By Sue Yoon
Special to the NW Asian Weekly
1. What mistakes do most seniors make about finance?
There are a lot of things that come to mind, but to sum it up, I’d say the lack of a comprehensive plan with a trusted advisor. When you aren’t working with a financial advisor, I find that many decisions are made quickly due to either lack of planning or urgent needs. Working closely with an advisor can help you plan for these unforeseen events, prioritize your expenses, and educate you on various options that you may not have considered.
Here are a few tips to help you with your plan for retirement:
Organize your resources
By the time you retire, you may have a number of retirement accounts at former employers and across multiple financial institutions. It may make sense to consolidate your retirement savings with one provider to ensure your investment plan is coordinated, and to make it easier to track your savings.
Get serious about your retirement paycheck
Refine your plan for how you will generate a reliable income stream from your savings and other resources.
At this point, you will want to carefully determine the expenses you will need to cover and how and when you will withdraw money from your retirement plan account(s).
Take steps to ensure you’ll be able to cover essential expenses
Depending on your situation, you may want to convert a portion of your savings into an annuity to help create a guaranteed income stream.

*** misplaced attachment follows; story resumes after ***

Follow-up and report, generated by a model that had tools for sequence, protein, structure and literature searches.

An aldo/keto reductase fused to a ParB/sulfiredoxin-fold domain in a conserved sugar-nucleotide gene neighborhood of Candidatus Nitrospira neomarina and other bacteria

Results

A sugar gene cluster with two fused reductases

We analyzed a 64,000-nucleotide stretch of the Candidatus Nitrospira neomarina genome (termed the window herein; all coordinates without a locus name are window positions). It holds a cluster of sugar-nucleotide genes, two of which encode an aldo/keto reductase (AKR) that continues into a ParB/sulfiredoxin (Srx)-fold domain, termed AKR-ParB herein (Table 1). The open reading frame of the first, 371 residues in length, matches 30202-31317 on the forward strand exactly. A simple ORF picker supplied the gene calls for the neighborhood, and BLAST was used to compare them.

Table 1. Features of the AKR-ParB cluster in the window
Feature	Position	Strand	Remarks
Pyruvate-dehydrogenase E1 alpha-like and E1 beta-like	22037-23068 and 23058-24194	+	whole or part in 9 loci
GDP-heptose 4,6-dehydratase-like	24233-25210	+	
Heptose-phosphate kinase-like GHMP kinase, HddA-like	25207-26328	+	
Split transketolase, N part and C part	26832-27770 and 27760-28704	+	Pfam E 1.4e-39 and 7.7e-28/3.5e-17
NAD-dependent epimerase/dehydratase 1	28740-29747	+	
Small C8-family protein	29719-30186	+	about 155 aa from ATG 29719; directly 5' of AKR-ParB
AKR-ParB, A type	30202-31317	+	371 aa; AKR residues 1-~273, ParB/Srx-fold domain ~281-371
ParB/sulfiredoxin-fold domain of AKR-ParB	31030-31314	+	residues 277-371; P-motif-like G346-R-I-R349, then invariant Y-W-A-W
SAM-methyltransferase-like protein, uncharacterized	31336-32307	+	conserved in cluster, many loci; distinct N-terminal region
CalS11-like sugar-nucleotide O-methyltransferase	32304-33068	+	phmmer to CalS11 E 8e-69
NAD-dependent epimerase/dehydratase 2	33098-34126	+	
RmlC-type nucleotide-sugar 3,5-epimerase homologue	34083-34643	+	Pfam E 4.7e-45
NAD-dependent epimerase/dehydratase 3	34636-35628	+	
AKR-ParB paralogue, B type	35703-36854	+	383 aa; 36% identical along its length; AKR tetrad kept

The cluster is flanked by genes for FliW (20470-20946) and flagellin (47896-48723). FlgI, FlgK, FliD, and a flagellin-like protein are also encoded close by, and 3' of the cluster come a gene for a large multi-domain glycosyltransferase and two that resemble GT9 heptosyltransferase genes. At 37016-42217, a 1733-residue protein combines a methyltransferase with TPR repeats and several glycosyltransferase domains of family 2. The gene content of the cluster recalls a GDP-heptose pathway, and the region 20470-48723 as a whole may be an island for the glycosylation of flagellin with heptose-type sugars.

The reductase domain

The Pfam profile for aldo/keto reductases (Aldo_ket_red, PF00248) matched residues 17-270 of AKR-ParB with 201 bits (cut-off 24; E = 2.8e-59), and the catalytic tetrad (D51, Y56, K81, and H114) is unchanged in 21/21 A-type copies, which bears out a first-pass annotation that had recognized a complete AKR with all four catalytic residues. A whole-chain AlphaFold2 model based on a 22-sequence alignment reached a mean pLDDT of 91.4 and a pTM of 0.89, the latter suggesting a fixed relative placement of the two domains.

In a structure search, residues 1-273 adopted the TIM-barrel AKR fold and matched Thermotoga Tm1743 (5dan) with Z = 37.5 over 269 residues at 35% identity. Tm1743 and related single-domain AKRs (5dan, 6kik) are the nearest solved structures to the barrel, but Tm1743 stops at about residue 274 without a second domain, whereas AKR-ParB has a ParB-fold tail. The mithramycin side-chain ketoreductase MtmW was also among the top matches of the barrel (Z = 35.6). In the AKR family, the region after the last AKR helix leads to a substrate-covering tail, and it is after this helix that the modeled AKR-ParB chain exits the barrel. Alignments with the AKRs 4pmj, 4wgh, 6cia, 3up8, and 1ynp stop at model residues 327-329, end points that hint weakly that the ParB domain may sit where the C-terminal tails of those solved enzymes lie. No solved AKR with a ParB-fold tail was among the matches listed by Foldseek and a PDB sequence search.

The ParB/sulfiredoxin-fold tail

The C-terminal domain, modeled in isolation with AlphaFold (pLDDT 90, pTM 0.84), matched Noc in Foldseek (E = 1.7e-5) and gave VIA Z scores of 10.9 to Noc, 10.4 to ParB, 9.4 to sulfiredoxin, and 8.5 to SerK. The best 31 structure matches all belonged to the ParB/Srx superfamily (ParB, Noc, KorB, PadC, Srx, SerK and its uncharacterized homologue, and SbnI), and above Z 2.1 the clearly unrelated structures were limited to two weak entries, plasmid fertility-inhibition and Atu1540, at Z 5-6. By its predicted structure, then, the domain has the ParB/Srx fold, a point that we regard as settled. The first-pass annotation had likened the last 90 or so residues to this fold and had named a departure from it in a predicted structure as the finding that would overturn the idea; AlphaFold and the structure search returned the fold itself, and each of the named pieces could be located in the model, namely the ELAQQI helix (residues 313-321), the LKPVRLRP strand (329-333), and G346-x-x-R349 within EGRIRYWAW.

Contact a financial advisor to determine if an annuity is right for you.
2. How would you advise them so they don’t feel overwhelmed?
I would advise them to prioritize their goals and revisit them often. Coming up with a comprehensive financial plan doesn’t always happen in one day. Take things slowly and work forward from today.
Consider these questions; be honest and open about your answers:
· What do you want to do in retirement?
· What is most important to you?
· Who do you want to spend time with?
· Where do you want to live?
· Would you like to continue working in retirement, whether it’s a part-time job, a second career, or your own business?
· How do you see yourself supporting family members (parents, children, siblings) in the future?
· How will you balance your travel or entertainment needs with other expenses like food, housing, and health care?
3. What’s your financial advice for rich and poor elderly?
Whether you are well off or not, it’s important to plan for contingencies. Retirement often brings unexpected challenges and opportunities. When you experience the unexpected, it helps to have your finances and financial documents in order. Do you need — or have — the following financial tools in place?
An up-to-date will — in some states, it may also be necessary to set up a trust.
Appropriate updated beneficiary designations on insurance policies and retirement accounts — these designations take precedence over wills.
A financial safety net to care for a surviving spouse or partner — in many cases, pension and Social Security payments are reduced when one partner dies while expenses remain about the same.
Durable powers of attorney for your finances and health care — these documents ensure that someone you know and trust is appointed to make decisions for you when you are unable to do so.
Trusts established to address special issues like blended families, caring for family members with special needs, or charitable giving.
Secure, easily accessible storage for important documents — such as tax documents, trusts, and insurance policies — to give family members the peace of mind that comes from knowing copies of all your documents are in order. (end)
Sue Yoon is a Wells Fargo’s Private Banker.